Written by Abby M. Locke
Tuesday, 30 December 2008 07:15 – Last Updated Friday, 12 June 2009 08:43
Create A Stand-Out Resume
When battling perceptions about age discrimination, you have to be very strategic about your resume development process. Focus on developing an executive resume that positions you as a valuable partner to a company’s success right from the beginning.
Here are a few techniques to keep in mind :
Be Technologically Savvy
You cannot escape the growing impact of technology in every area of your life, especially in the workplace. A common, overused perception about experienced “older” professionals is that they lack adequate technical skills and are uncomfortable with new technology. Address these concerns by enrolling in classes with a local community college or through professional associations to increase your technical proficiency. Overall, do your best to stay current on new technology programs as they relate to email, Internet research, word processing, and spreadsheet programs.
Make The Connection In The Interview
Research the company to understand their needs and long–term business objectives and how your talents and skills fit in. During the interview process, demonstrate the synergies between what you have to offer and the position qualifications that the company is seeking. Use this as a tactic to steer unnecessary attention away from age issues. Consistently draw attention to the value and benefits you bring to an employer (through concrete examples from your career) and show how you influence organizations and play a pivotal role in their long–term growth and success. For example:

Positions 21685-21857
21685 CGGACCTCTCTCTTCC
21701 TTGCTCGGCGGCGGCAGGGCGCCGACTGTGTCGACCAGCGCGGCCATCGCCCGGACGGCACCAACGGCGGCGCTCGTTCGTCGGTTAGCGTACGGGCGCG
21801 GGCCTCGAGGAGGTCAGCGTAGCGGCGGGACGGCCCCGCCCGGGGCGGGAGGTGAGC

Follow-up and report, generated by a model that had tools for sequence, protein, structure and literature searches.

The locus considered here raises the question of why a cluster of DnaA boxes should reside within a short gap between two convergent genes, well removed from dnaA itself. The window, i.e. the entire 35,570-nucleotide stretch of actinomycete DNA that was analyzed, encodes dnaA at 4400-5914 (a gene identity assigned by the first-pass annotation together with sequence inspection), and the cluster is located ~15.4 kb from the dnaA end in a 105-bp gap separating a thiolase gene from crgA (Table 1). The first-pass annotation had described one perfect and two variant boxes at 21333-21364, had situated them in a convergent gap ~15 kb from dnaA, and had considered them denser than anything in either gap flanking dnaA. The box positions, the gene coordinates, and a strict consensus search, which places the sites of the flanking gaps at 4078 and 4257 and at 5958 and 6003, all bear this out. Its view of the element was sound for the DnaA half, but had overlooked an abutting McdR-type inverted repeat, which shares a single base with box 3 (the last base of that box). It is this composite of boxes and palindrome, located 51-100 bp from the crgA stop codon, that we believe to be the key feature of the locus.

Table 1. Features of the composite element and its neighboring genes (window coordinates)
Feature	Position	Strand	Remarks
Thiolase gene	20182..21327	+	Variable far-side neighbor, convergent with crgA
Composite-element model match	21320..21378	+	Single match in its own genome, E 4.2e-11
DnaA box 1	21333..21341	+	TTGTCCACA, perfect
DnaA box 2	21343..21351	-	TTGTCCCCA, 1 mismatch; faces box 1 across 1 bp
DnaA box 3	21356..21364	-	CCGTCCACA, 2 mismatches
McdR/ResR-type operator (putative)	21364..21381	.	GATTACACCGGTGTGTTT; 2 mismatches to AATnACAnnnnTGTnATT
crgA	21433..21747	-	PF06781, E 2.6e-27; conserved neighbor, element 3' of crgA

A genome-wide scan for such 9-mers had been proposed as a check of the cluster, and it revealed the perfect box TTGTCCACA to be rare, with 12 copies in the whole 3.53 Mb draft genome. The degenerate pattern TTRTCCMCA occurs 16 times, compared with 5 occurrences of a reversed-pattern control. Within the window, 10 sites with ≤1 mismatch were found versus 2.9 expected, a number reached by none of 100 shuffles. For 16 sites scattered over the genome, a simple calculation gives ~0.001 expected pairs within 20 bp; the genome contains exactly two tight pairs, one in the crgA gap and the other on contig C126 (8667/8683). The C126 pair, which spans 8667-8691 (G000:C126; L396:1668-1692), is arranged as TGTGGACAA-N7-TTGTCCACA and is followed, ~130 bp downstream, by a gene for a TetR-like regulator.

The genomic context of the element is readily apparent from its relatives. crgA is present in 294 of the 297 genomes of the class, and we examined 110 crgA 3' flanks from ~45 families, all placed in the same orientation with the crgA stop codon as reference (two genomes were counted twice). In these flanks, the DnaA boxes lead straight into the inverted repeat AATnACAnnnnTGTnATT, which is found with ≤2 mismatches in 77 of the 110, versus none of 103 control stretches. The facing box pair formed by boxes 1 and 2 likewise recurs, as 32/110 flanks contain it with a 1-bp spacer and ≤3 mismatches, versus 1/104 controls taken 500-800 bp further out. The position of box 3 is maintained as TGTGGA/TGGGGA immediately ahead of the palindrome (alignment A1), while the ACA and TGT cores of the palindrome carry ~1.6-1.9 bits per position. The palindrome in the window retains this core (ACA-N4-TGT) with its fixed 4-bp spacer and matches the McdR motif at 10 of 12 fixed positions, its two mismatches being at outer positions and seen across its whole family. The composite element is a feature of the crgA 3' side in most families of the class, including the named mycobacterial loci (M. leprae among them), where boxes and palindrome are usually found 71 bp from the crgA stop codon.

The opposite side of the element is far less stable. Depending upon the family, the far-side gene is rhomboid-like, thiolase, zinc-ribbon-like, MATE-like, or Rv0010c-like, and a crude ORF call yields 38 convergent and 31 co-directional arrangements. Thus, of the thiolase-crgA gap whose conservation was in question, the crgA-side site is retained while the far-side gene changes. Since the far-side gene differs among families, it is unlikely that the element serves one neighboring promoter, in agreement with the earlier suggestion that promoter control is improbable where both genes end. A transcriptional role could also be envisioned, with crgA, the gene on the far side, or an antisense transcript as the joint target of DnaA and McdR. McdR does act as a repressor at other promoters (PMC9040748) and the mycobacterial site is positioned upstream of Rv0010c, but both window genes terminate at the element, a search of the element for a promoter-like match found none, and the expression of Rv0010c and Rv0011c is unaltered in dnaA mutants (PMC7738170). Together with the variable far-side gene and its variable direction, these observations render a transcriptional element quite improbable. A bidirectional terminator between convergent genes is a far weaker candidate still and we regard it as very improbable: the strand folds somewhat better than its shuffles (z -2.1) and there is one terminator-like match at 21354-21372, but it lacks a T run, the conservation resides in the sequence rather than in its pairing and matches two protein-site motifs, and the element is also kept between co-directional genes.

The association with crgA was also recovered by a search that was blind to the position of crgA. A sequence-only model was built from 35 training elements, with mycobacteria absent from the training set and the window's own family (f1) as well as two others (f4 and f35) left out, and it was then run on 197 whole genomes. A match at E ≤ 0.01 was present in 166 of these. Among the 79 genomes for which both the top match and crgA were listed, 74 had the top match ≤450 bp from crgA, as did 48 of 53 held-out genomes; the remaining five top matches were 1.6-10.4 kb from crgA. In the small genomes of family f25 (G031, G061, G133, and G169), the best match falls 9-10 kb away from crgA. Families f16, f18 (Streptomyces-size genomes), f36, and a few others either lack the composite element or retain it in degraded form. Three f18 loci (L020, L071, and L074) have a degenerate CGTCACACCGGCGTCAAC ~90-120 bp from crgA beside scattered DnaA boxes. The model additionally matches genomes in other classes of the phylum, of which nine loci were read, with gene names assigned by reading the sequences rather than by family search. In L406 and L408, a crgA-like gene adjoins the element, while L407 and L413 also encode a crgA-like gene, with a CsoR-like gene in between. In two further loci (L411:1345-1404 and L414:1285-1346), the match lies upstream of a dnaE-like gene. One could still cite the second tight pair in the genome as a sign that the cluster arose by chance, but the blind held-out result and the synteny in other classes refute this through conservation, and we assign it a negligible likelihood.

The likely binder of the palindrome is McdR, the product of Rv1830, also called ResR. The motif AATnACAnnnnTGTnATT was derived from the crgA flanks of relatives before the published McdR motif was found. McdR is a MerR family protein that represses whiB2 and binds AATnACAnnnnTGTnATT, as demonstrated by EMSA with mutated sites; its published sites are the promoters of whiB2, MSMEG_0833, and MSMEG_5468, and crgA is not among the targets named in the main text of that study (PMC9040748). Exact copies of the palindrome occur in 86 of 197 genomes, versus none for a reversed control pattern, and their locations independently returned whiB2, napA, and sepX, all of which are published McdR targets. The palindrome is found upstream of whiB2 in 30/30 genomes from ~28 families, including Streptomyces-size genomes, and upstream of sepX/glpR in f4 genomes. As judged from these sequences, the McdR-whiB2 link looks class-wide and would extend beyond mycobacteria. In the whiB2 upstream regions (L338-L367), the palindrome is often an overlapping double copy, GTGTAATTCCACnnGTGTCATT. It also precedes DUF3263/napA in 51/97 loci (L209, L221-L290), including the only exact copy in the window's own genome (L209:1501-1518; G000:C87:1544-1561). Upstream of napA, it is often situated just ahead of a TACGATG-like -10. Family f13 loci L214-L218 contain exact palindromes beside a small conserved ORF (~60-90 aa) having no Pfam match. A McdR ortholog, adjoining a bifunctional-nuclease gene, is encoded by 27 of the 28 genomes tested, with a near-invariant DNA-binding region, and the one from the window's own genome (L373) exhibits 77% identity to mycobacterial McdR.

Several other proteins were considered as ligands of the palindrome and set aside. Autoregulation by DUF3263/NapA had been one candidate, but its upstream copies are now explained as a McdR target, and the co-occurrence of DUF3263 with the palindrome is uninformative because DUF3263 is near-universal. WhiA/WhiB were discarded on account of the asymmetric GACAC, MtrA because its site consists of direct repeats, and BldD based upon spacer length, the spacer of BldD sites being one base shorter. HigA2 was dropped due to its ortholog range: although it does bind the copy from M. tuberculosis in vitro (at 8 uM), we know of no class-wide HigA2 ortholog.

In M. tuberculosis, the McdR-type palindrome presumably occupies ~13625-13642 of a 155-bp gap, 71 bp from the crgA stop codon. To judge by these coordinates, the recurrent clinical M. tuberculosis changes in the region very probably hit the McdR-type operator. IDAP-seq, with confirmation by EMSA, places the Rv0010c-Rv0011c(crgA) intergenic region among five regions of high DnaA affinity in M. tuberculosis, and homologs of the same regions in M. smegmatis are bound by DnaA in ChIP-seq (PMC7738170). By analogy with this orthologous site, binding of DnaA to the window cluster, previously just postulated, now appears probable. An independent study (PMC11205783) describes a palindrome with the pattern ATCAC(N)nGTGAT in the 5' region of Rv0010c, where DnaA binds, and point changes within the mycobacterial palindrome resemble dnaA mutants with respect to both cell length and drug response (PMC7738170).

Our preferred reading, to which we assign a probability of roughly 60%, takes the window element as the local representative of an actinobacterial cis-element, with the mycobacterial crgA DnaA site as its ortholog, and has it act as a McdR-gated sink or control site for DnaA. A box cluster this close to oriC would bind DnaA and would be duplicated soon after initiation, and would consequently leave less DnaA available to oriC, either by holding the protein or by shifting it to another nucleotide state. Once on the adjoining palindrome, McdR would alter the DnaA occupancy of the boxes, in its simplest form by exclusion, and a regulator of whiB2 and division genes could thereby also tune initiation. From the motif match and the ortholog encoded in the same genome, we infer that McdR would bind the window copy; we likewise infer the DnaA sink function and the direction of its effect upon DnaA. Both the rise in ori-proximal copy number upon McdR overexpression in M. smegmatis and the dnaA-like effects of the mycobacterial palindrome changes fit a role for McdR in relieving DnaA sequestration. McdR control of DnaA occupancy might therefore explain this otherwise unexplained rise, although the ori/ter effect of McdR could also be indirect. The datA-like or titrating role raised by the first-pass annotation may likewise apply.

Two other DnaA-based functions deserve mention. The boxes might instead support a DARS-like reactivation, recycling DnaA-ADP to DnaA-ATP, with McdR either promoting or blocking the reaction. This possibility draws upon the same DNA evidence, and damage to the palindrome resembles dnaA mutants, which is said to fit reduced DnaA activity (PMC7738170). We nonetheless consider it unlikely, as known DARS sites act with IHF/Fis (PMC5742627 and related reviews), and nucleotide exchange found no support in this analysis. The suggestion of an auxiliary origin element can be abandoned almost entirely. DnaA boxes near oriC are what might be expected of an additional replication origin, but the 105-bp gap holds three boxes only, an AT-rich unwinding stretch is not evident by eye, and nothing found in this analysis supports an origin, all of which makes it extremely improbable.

As a human resource executive, I have repeatedly created employee relation and incentive programs that have reduced employee turnover by more than 20%. Last, but certainly not least, learn effective networking strategies that will support and benefit you throughout your job search process. Reach out to others for advice and feedback through alumni connections, industry associations, former employers and coworkers, and close family and friends. In addition, seek out support groups that specifically deal with executives in a specific age group.